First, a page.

Try Gnip – My friends at Gnip have just launched a free trial service. Making it all self-serve radically lowers the barriers to just giving it a try, so if you're at all interested in sucking down masses of data from Twitter, Flickr, etc, you really should give it a shot.
The Hotlist – There's tonnes of information about what our friends are up to flowing around us these days, but it's far too time-consuming to actually make sense of it all. That's why I love this mashup of your social graph, Facebook events and a map to help you discover events you should care about.
Jumppost – It's really hard to uncover the information you need to find good apartment rentals, especially if you're looking more than a few weeks ahead of your moving date. These folks have figured out that existing tenants know when their lease is up, and are willing to pay them up to $500 to pass that information along to apartment hunters.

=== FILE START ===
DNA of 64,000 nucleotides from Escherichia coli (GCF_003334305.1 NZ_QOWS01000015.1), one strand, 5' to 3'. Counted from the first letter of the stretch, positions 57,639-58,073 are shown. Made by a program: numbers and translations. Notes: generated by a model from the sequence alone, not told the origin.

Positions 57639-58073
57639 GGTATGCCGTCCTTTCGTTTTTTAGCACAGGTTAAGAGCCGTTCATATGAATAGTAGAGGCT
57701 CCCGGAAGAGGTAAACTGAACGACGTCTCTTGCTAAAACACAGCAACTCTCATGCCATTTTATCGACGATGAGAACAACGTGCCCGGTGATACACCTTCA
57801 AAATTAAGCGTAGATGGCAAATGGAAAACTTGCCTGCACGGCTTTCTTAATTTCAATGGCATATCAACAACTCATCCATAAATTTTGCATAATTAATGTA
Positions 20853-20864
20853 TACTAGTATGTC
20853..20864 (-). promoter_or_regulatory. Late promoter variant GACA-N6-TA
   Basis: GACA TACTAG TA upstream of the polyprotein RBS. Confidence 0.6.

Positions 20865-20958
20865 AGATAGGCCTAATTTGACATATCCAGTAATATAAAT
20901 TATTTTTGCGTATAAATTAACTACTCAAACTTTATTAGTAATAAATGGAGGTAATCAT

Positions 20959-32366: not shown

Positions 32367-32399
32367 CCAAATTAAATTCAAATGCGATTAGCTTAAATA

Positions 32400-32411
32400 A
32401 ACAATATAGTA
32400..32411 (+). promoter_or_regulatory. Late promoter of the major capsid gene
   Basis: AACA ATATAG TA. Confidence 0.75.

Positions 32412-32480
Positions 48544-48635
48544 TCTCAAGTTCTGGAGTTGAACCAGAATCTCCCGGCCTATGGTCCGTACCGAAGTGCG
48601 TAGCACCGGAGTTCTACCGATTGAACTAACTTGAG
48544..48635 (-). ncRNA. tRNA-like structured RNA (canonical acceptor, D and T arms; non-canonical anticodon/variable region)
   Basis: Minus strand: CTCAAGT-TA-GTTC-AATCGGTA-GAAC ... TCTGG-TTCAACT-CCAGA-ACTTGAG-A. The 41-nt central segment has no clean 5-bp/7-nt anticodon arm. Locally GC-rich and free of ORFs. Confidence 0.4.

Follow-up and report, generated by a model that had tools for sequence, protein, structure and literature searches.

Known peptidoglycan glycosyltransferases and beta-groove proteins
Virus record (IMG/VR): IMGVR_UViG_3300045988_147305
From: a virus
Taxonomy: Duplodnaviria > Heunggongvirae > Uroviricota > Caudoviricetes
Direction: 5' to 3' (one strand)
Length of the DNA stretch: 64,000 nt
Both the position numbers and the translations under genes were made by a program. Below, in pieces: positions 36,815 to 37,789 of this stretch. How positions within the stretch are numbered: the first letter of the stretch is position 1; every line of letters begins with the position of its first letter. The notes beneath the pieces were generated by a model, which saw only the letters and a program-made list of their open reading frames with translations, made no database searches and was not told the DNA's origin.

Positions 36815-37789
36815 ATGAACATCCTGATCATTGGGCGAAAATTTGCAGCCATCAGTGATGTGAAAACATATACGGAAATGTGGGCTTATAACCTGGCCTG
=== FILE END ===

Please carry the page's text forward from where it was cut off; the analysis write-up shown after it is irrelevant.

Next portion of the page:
Everlater books – My old Techstars colleagues Nate, Natty and Ryan have been doing an awesome job with their service that makes it much simpler to share your travel memories than the alternatives of email, blogs or Flickr albums. Now they've made it easy to create books from your trip diaries, and the quality of the examples I got to handle was impressive. If you order one today, you'll get free shipping too.
Super-simple Storage Service – I've been frustrated by how much complexity is introduced into my processing pipelines by actually having to read data, so S4's new write-only storage engine promises to radically simplify my code. At $12 a year for a terabyte of data the price is right, and AT&T's adoption of it for their customer complaint database proves it's ready for enterprise use.